Nuclear North Korea Still Holds Key After Us Drops Conditions For Talks World News
The US is open for talks without preconditions with nuclear North Korea, Vice President Mike Pence has declared, subtly shifting White House policy after Olympics-inspired gestures of respect between the rival Koreas.
That provides a little more leverage for South Korea in its path-finding outreach to the North and could reduce potential strains in the US-South Korean alliance.
But diplomacy between Washington and Pyongyang won't start unless Kim Jong Un wants it to. While the North Korean dictator, who has yet to meet a foreign leader, has invited the South Korean president for a rare summit, Kim has given no sign of being ready to talk to the US.
A back channel of diplomatic communication between North Korea and the State Department has remained open since President Donald Trump took office a year ago, but the only substantive talks reported to date were in the first half of last year over the fate of several Americans in North Korean custody. The North has refused to negotiate over its nuclear weapons as it nears its goal of being able to launch an atomic-tipped missile that could strike the US mainland.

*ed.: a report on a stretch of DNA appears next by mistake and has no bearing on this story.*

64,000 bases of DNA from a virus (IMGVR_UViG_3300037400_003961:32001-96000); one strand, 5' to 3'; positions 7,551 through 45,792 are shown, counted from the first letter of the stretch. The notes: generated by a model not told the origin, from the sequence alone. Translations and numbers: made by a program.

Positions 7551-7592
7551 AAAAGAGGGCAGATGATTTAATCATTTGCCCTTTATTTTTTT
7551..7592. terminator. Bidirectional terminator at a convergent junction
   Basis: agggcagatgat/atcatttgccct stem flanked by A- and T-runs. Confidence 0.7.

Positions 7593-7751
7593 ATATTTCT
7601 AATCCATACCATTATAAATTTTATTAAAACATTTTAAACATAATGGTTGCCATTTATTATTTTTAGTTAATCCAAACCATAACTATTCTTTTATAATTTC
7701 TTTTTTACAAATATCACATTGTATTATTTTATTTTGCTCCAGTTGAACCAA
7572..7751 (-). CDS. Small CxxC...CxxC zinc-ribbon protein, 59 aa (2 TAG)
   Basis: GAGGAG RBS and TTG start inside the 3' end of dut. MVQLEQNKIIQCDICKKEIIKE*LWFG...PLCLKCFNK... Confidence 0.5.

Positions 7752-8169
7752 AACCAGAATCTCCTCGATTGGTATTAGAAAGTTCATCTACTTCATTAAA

Trump views those weapons as America's primary national security threat. His administration's 2019 budget, released Monday, includes hundreds of millions dollars more for missile defence, adding 20 strategic interceptors in Alaska to protect against long-range, North Korean projectiles.
Meanwhile, Pence is making clear that the US will keep escalating sanctions pressure on the North until it takes clear steps toward giving up its nukes.
But at the same time, Pence signalled more openness to engagement with Pyongyang.
"The point is, no pressure comes off until they are actually doing something that the alliance believes represents a meaningful step toward denuclearization," Pence told The Washington Post on his flight home from the Winter Olympics in South Korea this past weekend.
"So the maximum pressure campaign is going to continue and intensify. But if you want to talk, we'll talk."
That's a marked departure from the uncompromising message that Pence delivered at every public stop on his trip, when he repeatedly assailed North Korea on human rights and nuclear provocations, and threw cold water on South Korean President Moon Jae-in's outreach to the North by snubbing its delegation at the games.